The UK comprises four independent curriculum authorities - one for each of England, Scotland, Northern Ireland and Wales. In all bar Scotland the school curriculum is based on â€œkey stagesâ€? which roughly translate as ages 4-7, 7-11, 11-14 and 14-16. The compulsory curriculum ends at age 16 although the majority of students in all four countries elect to continue post compulsory education beyond that age.
The English curriculum can be found at http://curriculum.qcda.gov.uk/. There is no single document for mathematics and each mathematics-related document needs to be read in conjunction with other documents concerning the function of the curriculum, its broad aims and so on. Additionally, as the English curriculum changes every time a new government is elected, the current curriculum is due to change in the coming months. It is a statutory curriculum and all state-funded schools must adhere to it. Independent schools do not have to follow it.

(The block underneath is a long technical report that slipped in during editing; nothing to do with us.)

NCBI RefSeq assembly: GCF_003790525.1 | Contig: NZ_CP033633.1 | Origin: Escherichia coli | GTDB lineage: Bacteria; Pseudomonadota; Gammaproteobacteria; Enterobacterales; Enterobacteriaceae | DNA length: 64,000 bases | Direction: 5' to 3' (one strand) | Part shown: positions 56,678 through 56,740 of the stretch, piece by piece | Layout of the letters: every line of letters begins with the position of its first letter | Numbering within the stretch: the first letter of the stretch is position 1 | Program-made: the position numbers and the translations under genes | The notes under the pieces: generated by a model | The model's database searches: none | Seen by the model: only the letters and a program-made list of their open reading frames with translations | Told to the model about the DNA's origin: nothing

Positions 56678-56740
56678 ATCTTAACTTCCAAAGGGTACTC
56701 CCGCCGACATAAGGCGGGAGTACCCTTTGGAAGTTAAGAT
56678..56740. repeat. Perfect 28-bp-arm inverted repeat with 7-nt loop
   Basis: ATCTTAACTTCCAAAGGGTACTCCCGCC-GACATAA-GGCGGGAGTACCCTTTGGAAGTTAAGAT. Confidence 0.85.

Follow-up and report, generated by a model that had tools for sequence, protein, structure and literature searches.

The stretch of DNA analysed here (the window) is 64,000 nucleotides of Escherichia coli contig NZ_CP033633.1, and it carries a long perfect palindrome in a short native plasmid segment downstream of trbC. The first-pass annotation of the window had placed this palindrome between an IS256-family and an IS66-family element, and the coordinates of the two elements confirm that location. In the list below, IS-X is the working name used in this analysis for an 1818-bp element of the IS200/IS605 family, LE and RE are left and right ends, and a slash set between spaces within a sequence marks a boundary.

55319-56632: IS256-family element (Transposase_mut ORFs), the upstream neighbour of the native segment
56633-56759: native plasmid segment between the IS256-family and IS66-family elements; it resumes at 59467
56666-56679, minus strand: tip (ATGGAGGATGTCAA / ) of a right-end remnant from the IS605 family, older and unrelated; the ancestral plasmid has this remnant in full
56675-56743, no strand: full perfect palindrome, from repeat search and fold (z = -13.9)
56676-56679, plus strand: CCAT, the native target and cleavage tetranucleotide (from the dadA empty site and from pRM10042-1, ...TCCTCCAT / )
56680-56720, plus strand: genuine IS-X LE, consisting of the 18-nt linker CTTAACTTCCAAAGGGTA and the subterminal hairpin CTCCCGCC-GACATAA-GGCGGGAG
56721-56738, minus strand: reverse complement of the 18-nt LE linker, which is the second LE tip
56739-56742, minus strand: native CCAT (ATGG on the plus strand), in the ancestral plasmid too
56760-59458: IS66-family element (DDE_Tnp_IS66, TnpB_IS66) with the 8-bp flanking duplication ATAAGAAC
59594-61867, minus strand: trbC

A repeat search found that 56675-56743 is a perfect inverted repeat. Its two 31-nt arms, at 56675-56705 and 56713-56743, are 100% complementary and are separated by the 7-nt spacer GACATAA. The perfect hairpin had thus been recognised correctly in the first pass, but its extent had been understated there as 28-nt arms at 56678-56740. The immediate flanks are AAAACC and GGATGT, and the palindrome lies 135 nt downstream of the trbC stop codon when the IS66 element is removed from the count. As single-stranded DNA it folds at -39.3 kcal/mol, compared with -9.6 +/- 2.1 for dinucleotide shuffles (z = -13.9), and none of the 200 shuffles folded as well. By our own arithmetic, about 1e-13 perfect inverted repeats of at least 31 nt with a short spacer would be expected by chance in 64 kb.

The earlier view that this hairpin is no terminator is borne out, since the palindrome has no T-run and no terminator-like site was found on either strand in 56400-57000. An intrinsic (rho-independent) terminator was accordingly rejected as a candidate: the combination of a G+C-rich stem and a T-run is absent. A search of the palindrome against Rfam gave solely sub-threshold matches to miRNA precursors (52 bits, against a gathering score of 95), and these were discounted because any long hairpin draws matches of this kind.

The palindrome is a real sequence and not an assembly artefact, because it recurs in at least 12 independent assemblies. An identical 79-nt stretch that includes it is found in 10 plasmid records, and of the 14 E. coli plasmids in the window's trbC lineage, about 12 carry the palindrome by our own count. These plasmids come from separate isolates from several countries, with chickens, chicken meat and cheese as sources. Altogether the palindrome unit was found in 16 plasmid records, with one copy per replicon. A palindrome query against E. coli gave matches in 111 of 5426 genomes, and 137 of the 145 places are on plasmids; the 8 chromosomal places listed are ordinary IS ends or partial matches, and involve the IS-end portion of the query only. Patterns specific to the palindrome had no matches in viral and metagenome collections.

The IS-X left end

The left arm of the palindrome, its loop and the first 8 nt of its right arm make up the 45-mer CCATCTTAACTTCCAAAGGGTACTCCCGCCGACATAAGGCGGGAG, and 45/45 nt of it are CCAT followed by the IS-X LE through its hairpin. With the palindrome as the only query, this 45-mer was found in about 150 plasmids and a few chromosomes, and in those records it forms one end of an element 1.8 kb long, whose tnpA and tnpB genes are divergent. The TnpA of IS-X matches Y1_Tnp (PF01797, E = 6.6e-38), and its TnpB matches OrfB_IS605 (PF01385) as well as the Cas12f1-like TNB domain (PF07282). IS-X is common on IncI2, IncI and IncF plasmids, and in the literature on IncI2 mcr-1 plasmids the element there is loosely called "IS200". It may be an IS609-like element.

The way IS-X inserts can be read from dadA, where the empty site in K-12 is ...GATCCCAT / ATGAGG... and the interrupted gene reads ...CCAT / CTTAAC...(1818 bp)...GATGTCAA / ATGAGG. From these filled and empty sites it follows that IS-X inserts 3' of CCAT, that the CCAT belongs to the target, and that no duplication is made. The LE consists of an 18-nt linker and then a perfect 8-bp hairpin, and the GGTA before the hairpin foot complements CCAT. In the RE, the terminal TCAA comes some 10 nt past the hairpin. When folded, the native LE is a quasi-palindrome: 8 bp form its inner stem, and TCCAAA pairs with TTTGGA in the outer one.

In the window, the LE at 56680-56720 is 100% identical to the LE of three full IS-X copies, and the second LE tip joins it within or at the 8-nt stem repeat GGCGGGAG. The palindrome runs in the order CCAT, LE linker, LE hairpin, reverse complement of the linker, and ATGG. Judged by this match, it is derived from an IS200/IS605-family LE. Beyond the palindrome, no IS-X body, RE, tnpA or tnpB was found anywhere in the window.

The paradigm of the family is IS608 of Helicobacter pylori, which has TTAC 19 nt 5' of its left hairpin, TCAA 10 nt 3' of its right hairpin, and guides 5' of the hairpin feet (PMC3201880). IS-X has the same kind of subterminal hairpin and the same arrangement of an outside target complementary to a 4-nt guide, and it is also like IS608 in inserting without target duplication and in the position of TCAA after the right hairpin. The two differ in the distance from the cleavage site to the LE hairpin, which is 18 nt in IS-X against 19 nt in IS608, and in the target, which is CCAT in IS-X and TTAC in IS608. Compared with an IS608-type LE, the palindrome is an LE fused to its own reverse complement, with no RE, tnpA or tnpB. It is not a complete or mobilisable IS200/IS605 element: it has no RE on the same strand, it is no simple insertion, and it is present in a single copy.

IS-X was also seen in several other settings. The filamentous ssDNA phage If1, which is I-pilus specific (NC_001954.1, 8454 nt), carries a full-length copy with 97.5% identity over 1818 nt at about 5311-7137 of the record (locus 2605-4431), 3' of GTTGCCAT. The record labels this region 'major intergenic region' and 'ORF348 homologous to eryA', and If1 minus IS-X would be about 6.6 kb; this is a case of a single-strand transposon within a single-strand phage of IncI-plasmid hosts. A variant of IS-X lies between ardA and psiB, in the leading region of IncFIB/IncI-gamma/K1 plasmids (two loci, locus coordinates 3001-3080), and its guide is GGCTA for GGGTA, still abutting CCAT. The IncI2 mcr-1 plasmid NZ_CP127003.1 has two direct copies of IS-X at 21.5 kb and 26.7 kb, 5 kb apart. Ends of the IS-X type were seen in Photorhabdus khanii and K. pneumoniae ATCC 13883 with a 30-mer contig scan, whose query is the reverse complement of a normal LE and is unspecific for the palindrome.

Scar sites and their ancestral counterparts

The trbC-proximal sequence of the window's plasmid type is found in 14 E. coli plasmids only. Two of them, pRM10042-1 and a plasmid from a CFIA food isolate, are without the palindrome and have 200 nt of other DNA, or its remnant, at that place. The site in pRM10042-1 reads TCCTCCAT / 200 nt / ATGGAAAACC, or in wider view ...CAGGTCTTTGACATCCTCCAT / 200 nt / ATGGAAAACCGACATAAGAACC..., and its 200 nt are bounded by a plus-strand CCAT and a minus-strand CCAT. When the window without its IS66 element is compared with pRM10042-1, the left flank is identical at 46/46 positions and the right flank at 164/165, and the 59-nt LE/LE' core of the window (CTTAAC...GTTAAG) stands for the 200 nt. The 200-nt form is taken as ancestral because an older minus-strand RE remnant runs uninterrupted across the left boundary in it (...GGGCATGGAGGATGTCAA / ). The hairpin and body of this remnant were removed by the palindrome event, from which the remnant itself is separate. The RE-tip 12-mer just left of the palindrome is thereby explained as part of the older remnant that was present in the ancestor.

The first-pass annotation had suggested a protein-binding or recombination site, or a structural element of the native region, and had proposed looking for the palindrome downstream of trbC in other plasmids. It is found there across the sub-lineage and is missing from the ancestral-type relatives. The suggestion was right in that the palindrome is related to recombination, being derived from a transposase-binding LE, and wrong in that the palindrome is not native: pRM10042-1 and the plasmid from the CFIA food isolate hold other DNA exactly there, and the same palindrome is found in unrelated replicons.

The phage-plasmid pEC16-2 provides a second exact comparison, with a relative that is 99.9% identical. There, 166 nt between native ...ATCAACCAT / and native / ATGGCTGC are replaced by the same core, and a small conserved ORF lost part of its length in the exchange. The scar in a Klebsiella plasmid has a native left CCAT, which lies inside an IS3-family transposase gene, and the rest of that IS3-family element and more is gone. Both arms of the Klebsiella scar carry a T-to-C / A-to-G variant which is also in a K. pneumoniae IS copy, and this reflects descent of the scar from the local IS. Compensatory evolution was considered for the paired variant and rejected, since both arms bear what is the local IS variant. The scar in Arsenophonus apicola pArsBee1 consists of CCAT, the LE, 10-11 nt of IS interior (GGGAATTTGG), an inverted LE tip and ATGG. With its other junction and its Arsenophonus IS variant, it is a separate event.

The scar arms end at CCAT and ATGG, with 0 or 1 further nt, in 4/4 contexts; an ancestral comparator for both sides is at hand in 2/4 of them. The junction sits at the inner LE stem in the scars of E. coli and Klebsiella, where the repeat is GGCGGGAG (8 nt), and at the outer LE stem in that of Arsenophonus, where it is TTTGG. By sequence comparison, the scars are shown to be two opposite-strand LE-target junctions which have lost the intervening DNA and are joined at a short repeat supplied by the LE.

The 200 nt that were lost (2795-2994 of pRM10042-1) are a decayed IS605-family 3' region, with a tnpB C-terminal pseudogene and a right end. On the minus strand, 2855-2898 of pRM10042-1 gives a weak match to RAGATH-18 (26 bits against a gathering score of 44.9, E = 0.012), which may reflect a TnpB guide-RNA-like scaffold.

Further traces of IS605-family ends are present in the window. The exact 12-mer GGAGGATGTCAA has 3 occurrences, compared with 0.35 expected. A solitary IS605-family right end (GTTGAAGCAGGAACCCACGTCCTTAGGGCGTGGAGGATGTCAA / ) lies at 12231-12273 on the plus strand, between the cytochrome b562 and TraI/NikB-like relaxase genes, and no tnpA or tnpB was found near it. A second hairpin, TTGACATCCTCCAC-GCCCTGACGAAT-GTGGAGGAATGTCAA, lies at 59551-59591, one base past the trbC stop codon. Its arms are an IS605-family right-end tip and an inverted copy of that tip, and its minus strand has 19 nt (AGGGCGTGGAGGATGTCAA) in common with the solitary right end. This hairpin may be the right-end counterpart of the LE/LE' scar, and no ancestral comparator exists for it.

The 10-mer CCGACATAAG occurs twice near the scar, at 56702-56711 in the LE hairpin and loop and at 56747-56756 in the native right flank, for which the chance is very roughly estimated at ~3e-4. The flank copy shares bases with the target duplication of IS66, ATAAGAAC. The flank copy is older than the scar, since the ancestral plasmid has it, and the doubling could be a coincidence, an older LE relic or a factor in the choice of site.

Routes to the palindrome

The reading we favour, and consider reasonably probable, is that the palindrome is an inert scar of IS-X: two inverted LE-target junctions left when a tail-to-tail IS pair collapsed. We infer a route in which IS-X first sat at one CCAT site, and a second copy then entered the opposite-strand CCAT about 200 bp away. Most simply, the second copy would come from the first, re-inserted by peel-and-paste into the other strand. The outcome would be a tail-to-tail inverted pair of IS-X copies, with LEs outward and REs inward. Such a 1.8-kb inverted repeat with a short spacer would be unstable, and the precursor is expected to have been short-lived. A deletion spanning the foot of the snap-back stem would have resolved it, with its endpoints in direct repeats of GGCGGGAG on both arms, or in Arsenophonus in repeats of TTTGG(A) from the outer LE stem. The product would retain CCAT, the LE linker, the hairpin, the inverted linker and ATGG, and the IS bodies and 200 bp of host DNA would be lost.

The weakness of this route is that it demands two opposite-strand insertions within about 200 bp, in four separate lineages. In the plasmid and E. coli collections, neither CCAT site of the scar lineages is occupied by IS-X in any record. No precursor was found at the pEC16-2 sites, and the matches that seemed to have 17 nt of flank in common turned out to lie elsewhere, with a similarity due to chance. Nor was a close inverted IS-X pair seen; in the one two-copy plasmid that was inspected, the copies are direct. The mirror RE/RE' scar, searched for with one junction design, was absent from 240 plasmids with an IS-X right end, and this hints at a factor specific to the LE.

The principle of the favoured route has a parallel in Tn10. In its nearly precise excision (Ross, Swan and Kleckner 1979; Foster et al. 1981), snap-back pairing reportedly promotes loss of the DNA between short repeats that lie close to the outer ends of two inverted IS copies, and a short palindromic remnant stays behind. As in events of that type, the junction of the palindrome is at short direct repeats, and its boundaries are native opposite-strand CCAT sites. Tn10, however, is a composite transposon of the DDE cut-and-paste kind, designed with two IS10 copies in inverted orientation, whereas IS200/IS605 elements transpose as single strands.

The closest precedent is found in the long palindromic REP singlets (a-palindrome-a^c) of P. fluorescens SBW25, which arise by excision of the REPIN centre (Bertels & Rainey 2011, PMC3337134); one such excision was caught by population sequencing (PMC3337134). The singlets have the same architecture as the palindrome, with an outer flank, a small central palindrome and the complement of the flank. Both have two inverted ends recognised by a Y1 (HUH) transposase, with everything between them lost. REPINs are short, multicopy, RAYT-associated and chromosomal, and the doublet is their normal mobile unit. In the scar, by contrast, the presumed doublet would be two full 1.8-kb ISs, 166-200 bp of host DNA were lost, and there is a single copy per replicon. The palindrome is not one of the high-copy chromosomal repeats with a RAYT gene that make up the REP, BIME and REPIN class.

â€œThe curriculum in Scotland is non statutory and so is not dictated by the Government. It is the responsibility of Government to provide the framework for learning and teaching rather than micromanage what goes on in individual schools. Responsibility for what is taught rests with local authorities and schools taking into account national guidelines and adviceâ€? (http://www.scotland.gov.uk/Topics/Education/Schools/curriculum) Various curriculum documents can be found at the following URL. As with the English, there is no single document for the mathematics curriculum.http://www.ltscotland.org.uk/learningteachingandassessment/curriculumareas/mathematics/index.asp
In Wales the curriculum can be found at the following. It is more straightforwardly structured than either the English or the Scottish
In Northern Ireland the curriculum documents are at http://www.nicurriculum.org.uk/. Like the English, the documents are spread over several pages and supported by various generic issues.
ICMI representative for the United Kingdom